Wet methods for nanoparticle characterization need to use the surfactants to prevent the agglomeration of particles in hydrosols. In this work, we investigated the effect of pH on the agglomeration state and the stability of differently sized Fe2O3 nanoparticles, notably 35 and 120 nm in average, in amino acid solutions as glycine, l-lysine and l-glutamine, using the method of dynamic light scattering. The lowest electrokinetic stability and maximum agglomeration of both hydrosols was found in the acidic medium, particularly, at pH = 3.5 for Fe2O3-35 and pH = 6.5 for Fe2O3-120 (surface isoelectric point). At pH ≤ 7 in amino acid–based solutions, the charge direction was depended on the particles size. The pH growth from 5 to 9 suppressed Fe2O3 particle agglomeration although the effect of pH was much higher in glycine (neutral amino acid) where the agglomerates’ size decreased by 4.5 times compared with 2.8 in glutamine (acidic amino acid) and 1.8 in lysine (basic amino acid). It was concluded that the pH predominantly affected an agglomeration with respect to the particle size and acidity of amino acids. In alkali medium at pH = 9, particles had a maximum charge and minimum size in all solutions. For example, in glycine, the average size/zeta potential of Fe2O3-35 and Fe2O3-120 agglomerates were, respectively, 180 ± 20 nm/− 32 mV and 263 ± 80 nm/− 38 mV compared with water 510 ± 20 nm/− 18 mV and 180 ± 69 nm/− 24 mV.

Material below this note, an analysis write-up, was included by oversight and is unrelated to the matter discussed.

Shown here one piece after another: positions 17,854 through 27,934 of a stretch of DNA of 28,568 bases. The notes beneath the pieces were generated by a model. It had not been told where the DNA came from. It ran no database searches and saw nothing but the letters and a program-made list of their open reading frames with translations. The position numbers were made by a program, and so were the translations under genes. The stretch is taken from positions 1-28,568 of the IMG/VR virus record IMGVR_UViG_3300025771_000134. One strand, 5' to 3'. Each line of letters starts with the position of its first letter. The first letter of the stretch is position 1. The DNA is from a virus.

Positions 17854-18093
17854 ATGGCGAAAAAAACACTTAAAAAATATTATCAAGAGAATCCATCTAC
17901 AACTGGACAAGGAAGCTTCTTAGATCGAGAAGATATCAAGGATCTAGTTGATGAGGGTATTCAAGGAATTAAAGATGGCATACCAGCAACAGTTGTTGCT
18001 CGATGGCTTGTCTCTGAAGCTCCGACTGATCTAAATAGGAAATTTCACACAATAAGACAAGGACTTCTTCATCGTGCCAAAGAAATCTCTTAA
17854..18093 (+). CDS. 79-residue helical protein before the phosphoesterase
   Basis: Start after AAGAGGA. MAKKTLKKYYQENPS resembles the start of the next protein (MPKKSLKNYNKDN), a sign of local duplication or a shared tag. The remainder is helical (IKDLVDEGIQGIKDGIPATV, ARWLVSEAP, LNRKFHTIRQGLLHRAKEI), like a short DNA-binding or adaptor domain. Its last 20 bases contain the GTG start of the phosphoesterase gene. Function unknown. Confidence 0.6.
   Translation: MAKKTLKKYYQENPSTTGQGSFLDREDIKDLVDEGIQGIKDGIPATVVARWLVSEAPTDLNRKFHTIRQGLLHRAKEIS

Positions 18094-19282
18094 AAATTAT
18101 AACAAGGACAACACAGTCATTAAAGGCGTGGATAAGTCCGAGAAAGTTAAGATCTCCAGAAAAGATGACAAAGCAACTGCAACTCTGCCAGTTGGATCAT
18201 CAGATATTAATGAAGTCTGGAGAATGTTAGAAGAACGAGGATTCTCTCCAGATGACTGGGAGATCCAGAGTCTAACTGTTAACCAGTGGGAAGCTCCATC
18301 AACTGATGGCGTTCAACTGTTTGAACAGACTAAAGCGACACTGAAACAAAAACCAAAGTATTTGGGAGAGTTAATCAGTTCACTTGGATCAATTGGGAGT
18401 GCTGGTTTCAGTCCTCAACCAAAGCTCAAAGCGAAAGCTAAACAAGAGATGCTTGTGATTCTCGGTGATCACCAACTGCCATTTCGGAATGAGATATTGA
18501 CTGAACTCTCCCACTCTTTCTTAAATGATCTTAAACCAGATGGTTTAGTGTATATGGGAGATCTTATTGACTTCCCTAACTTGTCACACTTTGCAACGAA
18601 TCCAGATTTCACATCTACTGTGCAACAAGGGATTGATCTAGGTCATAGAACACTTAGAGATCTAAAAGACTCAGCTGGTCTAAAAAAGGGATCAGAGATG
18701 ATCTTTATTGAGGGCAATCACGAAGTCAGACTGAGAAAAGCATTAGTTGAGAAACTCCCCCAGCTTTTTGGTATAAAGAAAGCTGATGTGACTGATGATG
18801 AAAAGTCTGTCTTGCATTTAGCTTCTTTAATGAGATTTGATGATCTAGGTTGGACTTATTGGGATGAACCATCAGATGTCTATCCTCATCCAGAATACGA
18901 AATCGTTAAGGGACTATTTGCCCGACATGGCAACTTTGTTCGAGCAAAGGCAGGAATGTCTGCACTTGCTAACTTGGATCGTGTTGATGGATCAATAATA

ASJC Scopus subject areas
- Atomic and Molecular Physics, and Optics
- Modelling and Simulation
- Materials Science(all)
- Condensed Matter Physics